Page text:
The goal of this project was to compare the effectiveness of a 26-week stages of change (SOC) group treatment approach with a standard Cognitive-Behavioral Therapy Gender-Reeducation (CBTGR) group treatment approach; to assess potential mediators of change; to conduct analyses on individual readiness to change as a moderator of treatment condition in predicting outcomes; to conduct exploratory analyses comparing the effectiveness of these 2 approaches in Spanish-speaking groups; and to assess the integrity of the 2 treatments with respect to therapist adherence.
Male clients who were referred to the Montgomery County, Maryland, Abused Persons Program (APP) between June 2003 and January 2006 and who were appropriate for participation in either the English-speaking or Spanish-speaking 26-week group were randomly assigned to either a Stage of Change (SOC) treatment format or a Cognitive-Behavioral Gender-Reeducation format (CBTGR). The data file contains 550 cases.
All participants at the APP routinely underwent a standard intake procedure. Data collection consisted of (1) an intake interview and questionnaires completed by the batterer at intake, (2) an initial telephone interview of the partner, (3) data collected from the batterer at mid-treatment and post-treatment, (4) data collected at the end of treatment on the number of sessions attended, and (5) telephone-based follow-up information received from the partner at 6 and 12 months post-intake. As these data were obtained on all program participants at the APP, they were stripped of all identifying information but were linked to the treatment condition to which the man was randomly assigned. Data collected from initial and follow-up interviews of partners were similarly removed of all identifying information by APP staff other than an identification number allowing these data to be merged with that collected from the respective batterers. Agency staff also transmitted data obtained at 8 and 16 weeks into the group as well as data regarding the number of sessions attended.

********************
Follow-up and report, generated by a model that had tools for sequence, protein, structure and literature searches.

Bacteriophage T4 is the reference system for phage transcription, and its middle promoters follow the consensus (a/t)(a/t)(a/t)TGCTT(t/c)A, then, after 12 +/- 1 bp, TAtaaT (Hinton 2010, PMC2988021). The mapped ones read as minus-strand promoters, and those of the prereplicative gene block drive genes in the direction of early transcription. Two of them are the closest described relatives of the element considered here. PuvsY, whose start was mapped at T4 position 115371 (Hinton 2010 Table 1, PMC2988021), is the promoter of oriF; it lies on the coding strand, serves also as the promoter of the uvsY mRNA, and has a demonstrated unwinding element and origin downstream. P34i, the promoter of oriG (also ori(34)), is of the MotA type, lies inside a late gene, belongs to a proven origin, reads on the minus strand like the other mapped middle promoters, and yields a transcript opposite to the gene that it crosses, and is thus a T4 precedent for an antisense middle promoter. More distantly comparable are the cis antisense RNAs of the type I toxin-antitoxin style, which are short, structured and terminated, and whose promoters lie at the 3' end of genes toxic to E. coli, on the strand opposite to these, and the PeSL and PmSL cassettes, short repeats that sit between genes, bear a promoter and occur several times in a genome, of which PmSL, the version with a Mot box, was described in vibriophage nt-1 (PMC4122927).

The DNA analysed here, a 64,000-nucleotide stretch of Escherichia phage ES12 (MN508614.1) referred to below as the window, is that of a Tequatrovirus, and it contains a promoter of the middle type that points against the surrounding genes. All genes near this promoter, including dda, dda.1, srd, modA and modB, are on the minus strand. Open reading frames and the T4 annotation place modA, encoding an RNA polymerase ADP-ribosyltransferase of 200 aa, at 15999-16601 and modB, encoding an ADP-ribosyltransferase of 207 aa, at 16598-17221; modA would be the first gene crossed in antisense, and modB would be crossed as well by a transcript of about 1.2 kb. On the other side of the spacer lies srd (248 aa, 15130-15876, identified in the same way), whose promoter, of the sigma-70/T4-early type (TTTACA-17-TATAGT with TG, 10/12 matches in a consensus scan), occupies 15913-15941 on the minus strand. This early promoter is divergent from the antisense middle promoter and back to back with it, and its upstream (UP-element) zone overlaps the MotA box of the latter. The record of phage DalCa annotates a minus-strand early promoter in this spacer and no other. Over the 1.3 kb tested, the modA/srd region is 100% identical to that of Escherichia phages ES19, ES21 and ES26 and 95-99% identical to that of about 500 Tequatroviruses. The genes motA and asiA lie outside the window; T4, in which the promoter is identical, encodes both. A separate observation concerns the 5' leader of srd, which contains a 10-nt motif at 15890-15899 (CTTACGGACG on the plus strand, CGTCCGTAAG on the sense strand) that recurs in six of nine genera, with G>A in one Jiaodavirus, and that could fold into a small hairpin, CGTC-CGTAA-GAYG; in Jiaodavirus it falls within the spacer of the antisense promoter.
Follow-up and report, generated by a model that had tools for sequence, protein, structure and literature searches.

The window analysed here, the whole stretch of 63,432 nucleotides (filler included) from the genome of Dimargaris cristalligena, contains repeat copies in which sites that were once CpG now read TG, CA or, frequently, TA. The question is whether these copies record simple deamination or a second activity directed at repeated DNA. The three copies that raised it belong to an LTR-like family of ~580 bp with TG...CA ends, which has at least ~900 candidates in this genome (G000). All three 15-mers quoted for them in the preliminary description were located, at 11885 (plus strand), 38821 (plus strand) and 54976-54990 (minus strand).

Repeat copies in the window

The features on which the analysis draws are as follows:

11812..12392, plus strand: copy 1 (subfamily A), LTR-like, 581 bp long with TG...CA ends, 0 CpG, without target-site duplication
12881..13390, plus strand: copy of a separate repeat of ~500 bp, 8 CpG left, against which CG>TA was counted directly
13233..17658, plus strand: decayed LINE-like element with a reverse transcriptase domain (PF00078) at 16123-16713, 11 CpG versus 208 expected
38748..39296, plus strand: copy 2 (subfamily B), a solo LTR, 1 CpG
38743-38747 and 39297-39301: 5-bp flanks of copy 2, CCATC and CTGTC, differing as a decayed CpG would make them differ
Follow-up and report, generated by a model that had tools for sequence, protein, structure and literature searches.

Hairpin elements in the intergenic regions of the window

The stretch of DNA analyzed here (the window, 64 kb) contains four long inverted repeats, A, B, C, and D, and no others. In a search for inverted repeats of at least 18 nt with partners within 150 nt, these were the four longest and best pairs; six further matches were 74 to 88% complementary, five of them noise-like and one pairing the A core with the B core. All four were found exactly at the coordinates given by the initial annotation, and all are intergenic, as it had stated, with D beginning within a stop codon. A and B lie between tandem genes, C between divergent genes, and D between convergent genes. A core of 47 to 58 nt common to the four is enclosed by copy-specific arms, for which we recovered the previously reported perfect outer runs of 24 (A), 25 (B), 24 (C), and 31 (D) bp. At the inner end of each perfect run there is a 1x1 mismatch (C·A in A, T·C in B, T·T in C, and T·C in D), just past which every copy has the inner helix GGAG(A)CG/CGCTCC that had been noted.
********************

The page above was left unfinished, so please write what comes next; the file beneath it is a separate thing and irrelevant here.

The sample consisted of a total of 550 batterers, 96.1 percent of whom were court-ordered to treatment. Of the 528 cases, a total of 202 men were randomly assigned to one of 19
English-speaking groups in the Stages of Change (SOC) condition, 175 men were assigned to one of 16 English-speaking groups in the Cognitive-Behavioral Therapy Gender-Reeducation (CBTGR) condition, 47 men were assigned to one of 4 Spanish-speaking groups in the SOC condition, and 104 men were assigned to one of 10 Spanish-speaking groups in the CBTGR condition. Men were only considered to have been assigned to a particular treatment format if they attended at least one session of that treatment condition. Clients were excluded from group treatment if they were actively psychotic, had personality disorders severe enough to disrupt a group, or had very poor ability to communicate in English. Information on their partners was less complete in that only 157 partners were successfully contacted at intake.
Male clients who were referred to the Montgomery County, Maryland, Abused Persons Program and who were appropriate for participation in either the English-speaking or
Spanish-speaking 26-week group between June 20, 2003, and January 23, 2006, and their victims.
For the Abuser Intake Interview, the abuser was asked information regarding his age, education, employment status, income, relationship to the victim partner, current contact, children in common, and history of abuse and trauma. As part of this intake, the offender completed several instruments including: